Posts Tagged ‘Fabrice Soulier’

Pocket Bullets ParisJim “Pocket Bullets” Paris

Whether they are playing the part of a poker player on the big or little screen, or whether they are playing in a real poker game, these are some of our favorite film and TV actors who truly love the game of poker almost as much as we do.

You can see their love and joy at poker tables around the world, as Kevin Hart was heard saying “I love to live, love and laugh. I want to bring this energy to the game of poker. And when I do this, poker will be elevated.” And Aaron Paul stated “I’m obsessed with gambling, winning and losing money! What’s so great about poker is that you can play it for your entire life. You can play against a pro and sometimes win. It’s unlike any other sport. And I think it is sort of like a sport.”

We could go on and on about the love celebrities have for the game but that would fill an entire book … maybe we’ll write that poker book in the future but for now here are just a few of our favorite celebrity poker players:

Kevin HartKevin Hart has only pocketed about 50 Grand playing poker but his love of the game keeps him going whether it is win, lose, or draw I think we will be seeing him making the rounds of poker rooms everywhere for a while.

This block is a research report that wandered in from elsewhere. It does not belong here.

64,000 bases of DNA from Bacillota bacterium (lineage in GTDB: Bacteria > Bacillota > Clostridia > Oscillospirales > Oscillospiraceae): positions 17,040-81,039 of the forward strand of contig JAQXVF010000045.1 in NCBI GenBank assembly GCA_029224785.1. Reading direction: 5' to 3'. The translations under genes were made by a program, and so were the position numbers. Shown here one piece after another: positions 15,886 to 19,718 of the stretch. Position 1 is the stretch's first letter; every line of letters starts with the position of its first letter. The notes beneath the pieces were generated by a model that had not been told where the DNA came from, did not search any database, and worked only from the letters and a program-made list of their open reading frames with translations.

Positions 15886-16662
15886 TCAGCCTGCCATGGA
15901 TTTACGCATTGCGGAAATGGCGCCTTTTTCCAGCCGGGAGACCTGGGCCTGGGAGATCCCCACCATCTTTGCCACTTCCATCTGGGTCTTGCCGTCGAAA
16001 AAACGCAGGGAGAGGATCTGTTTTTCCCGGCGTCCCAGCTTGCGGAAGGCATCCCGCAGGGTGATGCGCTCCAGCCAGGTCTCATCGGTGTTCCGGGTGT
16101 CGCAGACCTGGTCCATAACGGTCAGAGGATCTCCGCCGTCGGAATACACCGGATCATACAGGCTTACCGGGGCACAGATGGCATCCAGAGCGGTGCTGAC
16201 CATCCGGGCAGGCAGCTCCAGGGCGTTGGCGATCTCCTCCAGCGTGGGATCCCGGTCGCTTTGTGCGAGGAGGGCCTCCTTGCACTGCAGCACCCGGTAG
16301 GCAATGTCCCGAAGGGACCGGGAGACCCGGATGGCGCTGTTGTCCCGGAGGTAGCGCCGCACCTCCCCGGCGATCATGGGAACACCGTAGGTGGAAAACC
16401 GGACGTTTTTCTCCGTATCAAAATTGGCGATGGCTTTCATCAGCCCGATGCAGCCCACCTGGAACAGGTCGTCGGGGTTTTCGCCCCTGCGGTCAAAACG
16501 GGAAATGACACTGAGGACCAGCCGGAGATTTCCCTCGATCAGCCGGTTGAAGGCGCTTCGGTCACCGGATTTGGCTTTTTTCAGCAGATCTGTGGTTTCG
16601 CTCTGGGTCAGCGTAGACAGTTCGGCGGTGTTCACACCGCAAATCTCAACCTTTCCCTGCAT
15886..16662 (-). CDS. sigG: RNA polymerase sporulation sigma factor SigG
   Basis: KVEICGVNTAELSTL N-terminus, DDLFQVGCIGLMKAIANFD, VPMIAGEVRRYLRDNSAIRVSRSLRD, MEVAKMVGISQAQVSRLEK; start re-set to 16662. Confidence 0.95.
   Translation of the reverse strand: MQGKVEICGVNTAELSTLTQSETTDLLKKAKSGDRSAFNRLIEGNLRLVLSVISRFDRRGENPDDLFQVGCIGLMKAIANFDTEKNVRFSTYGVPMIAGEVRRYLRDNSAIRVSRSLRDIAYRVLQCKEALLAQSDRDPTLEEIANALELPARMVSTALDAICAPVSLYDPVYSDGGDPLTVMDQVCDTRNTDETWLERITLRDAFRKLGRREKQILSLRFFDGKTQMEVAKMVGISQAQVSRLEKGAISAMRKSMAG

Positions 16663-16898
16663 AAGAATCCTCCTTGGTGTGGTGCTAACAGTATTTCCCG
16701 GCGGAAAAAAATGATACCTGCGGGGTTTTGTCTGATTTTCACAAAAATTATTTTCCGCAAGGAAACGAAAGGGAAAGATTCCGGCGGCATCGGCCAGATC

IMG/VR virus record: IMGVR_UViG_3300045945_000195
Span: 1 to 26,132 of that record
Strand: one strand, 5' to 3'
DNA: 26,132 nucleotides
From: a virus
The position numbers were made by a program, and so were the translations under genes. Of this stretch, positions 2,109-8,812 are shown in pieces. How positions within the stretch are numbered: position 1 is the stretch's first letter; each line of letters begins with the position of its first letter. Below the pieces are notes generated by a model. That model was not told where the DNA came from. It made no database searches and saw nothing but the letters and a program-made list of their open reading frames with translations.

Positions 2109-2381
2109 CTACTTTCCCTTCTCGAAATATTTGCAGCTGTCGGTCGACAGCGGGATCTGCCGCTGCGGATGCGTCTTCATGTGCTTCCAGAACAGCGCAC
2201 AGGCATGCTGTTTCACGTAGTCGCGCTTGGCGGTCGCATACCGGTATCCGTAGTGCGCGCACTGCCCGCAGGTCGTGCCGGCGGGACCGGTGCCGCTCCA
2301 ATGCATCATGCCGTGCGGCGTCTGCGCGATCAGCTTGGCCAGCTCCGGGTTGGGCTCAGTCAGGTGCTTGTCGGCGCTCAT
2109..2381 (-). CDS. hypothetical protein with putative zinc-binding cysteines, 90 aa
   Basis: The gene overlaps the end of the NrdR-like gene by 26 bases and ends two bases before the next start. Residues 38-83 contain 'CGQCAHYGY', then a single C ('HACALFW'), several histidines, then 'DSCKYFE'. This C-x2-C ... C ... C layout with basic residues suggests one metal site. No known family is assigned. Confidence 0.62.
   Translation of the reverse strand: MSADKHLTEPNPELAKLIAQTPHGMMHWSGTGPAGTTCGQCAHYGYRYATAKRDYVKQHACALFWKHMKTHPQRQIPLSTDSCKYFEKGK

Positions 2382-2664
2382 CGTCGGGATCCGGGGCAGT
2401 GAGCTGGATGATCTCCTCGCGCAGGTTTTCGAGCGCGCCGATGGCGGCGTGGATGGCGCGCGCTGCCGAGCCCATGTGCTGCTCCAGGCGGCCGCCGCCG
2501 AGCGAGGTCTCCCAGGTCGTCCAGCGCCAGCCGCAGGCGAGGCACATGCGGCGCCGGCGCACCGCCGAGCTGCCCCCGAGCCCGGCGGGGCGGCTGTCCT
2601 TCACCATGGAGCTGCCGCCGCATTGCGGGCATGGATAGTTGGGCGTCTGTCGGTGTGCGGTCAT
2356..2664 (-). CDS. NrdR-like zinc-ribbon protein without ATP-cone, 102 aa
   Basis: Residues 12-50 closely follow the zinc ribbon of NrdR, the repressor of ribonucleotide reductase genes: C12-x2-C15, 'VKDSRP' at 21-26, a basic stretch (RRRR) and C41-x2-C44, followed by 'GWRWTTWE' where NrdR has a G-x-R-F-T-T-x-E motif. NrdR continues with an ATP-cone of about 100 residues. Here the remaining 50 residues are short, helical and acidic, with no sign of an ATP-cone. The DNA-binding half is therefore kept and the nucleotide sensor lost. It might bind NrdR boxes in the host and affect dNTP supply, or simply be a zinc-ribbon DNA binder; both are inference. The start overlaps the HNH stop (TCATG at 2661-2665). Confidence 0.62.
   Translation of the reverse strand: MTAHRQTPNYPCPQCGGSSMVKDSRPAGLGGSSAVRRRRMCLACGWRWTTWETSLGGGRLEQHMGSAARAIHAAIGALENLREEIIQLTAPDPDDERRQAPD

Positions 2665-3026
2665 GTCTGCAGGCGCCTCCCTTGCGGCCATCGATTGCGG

Aaron PaulAaron Paul made his debut in the Global Poker League’s revolutionary Cube, as he played for his L.A. Sunset team versus Fabrice Soulier of the Paris Aviators. We loved him in his part as Jesse in “Breaking Bad,” as the cult leader in “The Path” and now follow him through his poker adventures.

 

Matt DamonMatt Damon has been around poker for quite a while and he sure knows how to play, perhaps he picked up more than we suspected in his role as the genius reformed gambler in the poker classic, “Rounders.”

 

Ben AffleckBen Affleck has stated that it was what he learned from his poker coaches, Annie Duke and Amir Vahedi that hooked him in. He won the $10,000 California State Poker Championship tournament at the Commerce Casino in 2004 for a first prize of $356,000.

 

Jennifer TillyJennifer Tilly won the 2005 World Series of Poker Ladies Only Event and took home the much coveted Gold WSOP Bracelet, forever placing her name in our Poker List of top players. She has now earned better than $800,000 and is still going strong.

James WoodsJames Woods has been one of my all time favorite actors and he’s not that bad of a poker player. He’s been playing for quite a while and has picked up more than $300,000 in poker winnings.

 

Texas Poker Store Poker Chips

We will continue this list in our next blog posting in a few days. Right now we have to rush out to one of our local home games and we promised to contribute a case of our Texas Poker Store Poker Chips.

Send me your thoughts or comments?

Queen of Hearts ParisLynn “Queen of Hearts” Paris

Our readers want to know what’s going on with the Global Poker League.  As far as I know, the GPL is on a scheduled break for about a month, so this is a good time to bring everyone up to speed.